Exploring Spatio-Temporal Trends in Heavy Metal Concentrations: A Study of Water, Sediment, and Selected Fish Species in Shiroro Lake, Niger State, Nigeria. Abstract:
Water quality parameters were measured, and the results indicated dissolved oxygen levels ranging from 2.20 to 4.10 mg/L, temperature between 26.60 to 30.20 oC, biological oxygen demand from 1.20 to 3.00 mg/L, conductivity from 49 to 120 µS/cm, alkalinity from 18 to 36 mg/L, phosphate from 0.16 to 2.28 mg/L, sodium from 7.56 to 14.00 mg/L, pH from 6.56 to 7.96, total dissolved solids from 75 to 99 mg/L, total hardness from 30 to 48 mg/L, and potassium from 1.16 to 2.42 mg/L.
The concentration of heavy metals in sediment samples collected from the three stations varied, with zinc ranging from 0.095 to 0.25 mg/L, copper from 0.015 to 0.905 mg/L, lead from 0.00 to 0.15 mg/L, chromium from 0 to 0.03 mg/L, and cadmium from 0 to 0.015 mg/L. For water samples collected from the same stations, the heavy metal concentrations were as follows: zinc ranged from 0.01 to 0.18 mg/L, copper from 0.01 to 0.165 mg/L, lead from 0 to 0.2 mg/L, chromium from 0.00 to 0.01 mg/L, and cadmium from 0 to 0.01 mg/L. Notably, the concentration of cadmium in the water exceeded the toxicity threshold set by the World Health Organization (WHO) for drinking water.
In the analyzed fish samples, higher levels of zinc (1.47 ± 0.50 mg/g) and copper (0.73 ± 0.31 mg/g) were observed compared to other heavy metals. However, all heavy metal concentrations in fish were found to be within WHO’s maximum permissible limits. The potential ecological risk index (PERI) mean values for all stations indicated slight ecological risk, with Zn 0.083, Cu 0.29, Pb 2.06, Cr 0.03, and Cd 0.48. The geo-accumulation index mean values for the five heavy metals (Zn -2.42, Cu -2.06, Pb -1.56, Cr -0.92, and Cd -0.75) indicated an unpolluted state at the sampling stations. Furthermore, the enrichment factor (EF) values were all below one (<1), indicating a crustal enrichment origin at the sampling stations.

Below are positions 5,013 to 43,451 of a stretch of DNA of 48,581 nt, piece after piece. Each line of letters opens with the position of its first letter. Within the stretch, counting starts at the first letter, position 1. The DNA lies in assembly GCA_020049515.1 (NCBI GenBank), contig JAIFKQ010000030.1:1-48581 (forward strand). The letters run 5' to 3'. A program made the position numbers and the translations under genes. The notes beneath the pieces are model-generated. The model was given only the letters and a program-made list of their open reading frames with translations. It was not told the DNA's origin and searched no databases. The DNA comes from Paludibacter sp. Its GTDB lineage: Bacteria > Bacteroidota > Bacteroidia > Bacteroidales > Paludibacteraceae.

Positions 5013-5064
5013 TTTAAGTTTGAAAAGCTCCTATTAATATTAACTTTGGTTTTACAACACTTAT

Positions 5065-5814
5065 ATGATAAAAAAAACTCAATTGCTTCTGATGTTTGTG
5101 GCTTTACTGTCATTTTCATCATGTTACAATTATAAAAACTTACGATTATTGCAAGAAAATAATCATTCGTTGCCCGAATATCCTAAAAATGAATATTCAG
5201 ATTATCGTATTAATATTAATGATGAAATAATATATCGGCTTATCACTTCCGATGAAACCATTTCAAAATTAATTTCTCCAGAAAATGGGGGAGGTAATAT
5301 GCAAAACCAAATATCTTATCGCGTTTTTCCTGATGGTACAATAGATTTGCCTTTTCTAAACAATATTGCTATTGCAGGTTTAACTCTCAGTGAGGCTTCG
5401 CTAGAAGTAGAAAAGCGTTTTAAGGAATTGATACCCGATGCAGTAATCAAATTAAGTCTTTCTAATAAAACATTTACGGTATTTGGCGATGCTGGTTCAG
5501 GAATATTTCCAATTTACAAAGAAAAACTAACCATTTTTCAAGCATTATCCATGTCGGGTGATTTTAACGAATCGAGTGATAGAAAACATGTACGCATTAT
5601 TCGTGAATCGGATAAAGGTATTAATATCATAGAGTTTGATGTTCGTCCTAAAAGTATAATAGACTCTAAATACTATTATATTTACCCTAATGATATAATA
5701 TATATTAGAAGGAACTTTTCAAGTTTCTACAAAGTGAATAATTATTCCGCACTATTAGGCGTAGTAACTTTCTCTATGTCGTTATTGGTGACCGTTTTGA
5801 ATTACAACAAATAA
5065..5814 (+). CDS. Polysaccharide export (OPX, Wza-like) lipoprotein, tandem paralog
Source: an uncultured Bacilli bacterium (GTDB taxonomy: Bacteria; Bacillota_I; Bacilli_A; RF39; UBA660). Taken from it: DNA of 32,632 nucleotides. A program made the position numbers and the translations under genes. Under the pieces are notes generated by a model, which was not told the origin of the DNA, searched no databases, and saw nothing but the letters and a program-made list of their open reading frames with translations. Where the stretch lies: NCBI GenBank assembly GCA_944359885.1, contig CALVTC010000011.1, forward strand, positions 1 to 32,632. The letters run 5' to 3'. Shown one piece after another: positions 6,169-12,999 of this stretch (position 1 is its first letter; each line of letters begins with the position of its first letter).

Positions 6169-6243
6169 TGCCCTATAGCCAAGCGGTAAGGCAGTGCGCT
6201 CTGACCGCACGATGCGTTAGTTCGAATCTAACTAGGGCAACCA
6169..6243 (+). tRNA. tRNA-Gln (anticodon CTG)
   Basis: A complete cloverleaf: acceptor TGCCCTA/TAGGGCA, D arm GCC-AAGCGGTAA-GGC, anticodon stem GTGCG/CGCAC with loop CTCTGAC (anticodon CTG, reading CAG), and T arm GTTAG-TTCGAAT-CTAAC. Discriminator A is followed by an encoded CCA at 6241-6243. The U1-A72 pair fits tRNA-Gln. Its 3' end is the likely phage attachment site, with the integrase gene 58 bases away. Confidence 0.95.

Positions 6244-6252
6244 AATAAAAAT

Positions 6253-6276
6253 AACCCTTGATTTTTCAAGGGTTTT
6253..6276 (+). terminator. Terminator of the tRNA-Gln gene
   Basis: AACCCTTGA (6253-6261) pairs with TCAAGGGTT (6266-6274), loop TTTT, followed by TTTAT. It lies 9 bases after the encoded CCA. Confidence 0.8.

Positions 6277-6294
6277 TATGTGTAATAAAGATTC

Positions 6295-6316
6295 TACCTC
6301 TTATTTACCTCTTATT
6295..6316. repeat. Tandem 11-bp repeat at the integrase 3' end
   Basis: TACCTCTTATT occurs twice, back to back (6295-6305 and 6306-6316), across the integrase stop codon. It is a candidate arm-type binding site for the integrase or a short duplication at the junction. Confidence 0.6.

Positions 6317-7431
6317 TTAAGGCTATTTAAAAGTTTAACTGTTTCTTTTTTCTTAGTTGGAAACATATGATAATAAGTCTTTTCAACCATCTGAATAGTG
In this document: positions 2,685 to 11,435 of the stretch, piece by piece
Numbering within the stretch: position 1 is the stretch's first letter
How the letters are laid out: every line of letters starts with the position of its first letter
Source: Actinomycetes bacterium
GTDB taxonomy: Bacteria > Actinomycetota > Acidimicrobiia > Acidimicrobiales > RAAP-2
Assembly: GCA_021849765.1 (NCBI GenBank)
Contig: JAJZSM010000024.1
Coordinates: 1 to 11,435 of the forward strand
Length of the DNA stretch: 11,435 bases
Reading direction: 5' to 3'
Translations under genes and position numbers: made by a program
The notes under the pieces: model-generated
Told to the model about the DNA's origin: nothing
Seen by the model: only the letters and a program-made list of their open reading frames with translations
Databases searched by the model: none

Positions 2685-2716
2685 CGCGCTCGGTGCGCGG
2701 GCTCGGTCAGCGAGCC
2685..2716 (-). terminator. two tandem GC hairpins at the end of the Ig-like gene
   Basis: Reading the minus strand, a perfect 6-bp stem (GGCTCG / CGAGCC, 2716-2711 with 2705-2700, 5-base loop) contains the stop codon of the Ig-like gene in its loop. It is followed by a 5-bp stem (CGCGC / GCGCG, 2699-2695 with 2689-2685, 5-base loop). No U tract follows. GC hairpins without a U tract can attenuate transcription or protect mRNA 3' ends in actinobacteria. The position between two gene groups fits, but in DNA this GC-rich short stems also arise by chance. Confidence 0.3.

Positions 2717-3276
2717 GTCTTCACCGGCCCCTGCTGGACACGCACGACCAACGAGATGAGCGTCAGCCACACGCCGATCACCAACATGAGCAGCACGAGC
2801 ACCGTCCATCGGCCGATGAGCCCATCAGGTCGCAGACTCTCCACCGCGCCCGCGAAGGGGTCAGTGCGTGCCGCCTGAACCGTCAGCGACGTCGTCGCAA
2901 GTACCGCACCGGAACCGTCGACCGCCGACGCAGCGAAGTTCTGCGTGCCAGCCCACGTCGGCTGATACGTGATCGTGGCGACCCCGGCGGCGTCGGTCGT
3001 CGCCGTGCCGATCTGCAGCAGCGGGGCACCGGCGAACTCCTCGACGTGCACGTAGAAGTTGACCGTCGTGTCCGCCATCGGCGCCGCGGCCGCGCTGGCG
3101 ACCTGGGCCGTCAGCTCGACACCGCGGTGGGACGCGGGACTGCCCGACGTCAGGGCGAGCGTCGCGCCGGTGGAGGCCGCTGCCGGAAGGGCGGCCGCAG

Based on the physicochemical parameters measured, the overall pollution level in Shiroro Lake was found to be low, as all water quality parameters were either slightly below or within the WHO’s permissible limits. However, it is crucial to note that the water in Shiroro Lake is not safe for human consumption due to the potential risk of Cd exposure.
Exploring Spatio-Temporal Trends in Heavy Metal Concentrations: A Study of Water, Sediment, and Selected Fish Species in Shiroro Lake, Niger State, Nigeria.